# How to Install ATI Catalyst on Slackware Linux

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For the past few days I have been enjoying the power and stability of Slackware Linux. Coming from using Ubuntu as my primary system where everything was installed at the click of a button it took a little bit of tinkering to get my ATI Radeon HD 6450 graphics card to work. For these instructions I am going to use my specific graphics card as an example, but the process for installing the ATI catalyst is the same for all graphics cards. The first thing you need to do is download a copy of the latest driver from the ATI website:http://support.amd.com/us/gpudownload/Pages/index.aspx. Follow the prompts to meet your particular needs:

NOTE: If you aren’t sure what exact ATI graphics card you have run the following command: lspci. Look for a line that looks something like this:

02:00.0 VGA compatible controller: ATI Technologies Inc RV730 PRO [Radeon HD 4650]

Obviously your entry will look different depending on what graphics card you have. The part in the brackets is all that we are really concerned about here. In order to compile the graphics driver you will need a copy of the Linux kernel source code in your /usr/src directory. Now that you have downloaded the file move it to the /usr/src directory. For me the command looks like this, but you may need to adjust it to fit your needs:

$cp /home/adam/Downloads/ati-driver-installer-10-12-x86.x86_64.run /usr/src The rest of the install process will have to be carried out without running the X server. If you are like me and already have X setup to run automatically at boot time the easiest way to exit X is to simply enter Linux into run level 3. This is done simply by running this command: $init 3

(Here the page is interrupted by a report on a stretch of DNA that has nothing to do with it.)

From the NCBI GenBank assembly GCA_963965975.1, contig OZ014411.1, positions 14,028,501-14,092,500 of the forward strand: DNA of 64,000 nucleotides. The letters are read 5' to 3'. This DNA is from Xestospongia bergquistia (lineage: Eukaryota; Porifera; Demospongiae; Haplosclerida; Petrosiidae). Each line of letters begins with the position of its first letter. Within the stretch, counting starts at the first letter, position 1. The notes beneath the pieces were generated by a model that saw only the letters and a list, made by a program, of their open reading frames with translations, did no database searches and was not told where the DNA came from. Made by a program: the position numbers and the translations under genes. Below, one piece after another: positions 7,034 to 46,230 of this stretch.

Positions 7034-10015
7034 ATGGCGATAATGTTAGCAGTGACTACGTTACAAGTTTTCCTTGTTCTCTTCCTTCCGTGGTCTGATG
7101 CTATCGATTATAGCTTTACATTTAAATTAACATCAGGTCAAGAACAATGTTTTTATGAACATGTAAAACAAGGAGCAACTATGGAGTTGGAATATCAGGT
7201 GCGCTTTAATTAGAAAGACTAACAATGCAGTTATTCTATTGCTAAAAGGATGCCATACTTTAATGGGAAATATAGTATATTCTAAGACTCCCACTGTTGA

You will now be presented with nothing but a Linux command line. Log in as root and cd to the /usr/src directory:

$cd /usr/src You may have noticed that the package downloaded from the ATI website is a .run file. In order to install the ATI catalyst we will need to convert it to a Slackware package. To do this we run the following command (again, adjust as needed): $sh ati-driver-installer-10-12-x86.x86_64.run --buildpkg

After this command is ran running ls *.tgz should output the following:

$ls *.tgz fglrx-module-8.801-x86_64-1_kernel_2.6.33.4.tgz fglrx-x750_64a-8.801-x86_64-1.tgz Now we need to install the packages. This is achieved by running the following command: $installpkg fglrx-module-8.801-x86_64-1_kernel_2.6.33.4.tgz fglrx-x750_64a-8.801-x86_64-1.tgz

After running this everything should be correctly installed, but there are still a few more steps in order to get everything working just right. First off, X needs to have some basic configuration performed. This is made easy by just running the ATI configuration script:

$aticonfig --initial This should generate a file called amdpcsdb.default in the /etc/ati directory. You will need to run the following command so that the configuration can be used: $cp /etc/ati/amdpcsdb.default /etc/ati/amdpcsdb

Now you need to actually unzip the module file. To do this run the following command (the path to the file may need to be adjusted depending on what kernel version you’re running):

$gunzip /lib/modules/2.6.33.4/external/fglrx.ko.z Then finally run this command: $depmod -a

You should now be able to reboot your system and boot up into X using the new graphics drivers. To test your install after rebooting run:

\$fglrxinfo

The output should look something like this:

display: :0.0  screen: 0
OpenGL vendor string: ATI Technologies Inc.
OpenGL renderer string: ATI Radeon HD 4600 Series
OpenGL version string: 3.3.10362 Compatibility Profile Context
0
0

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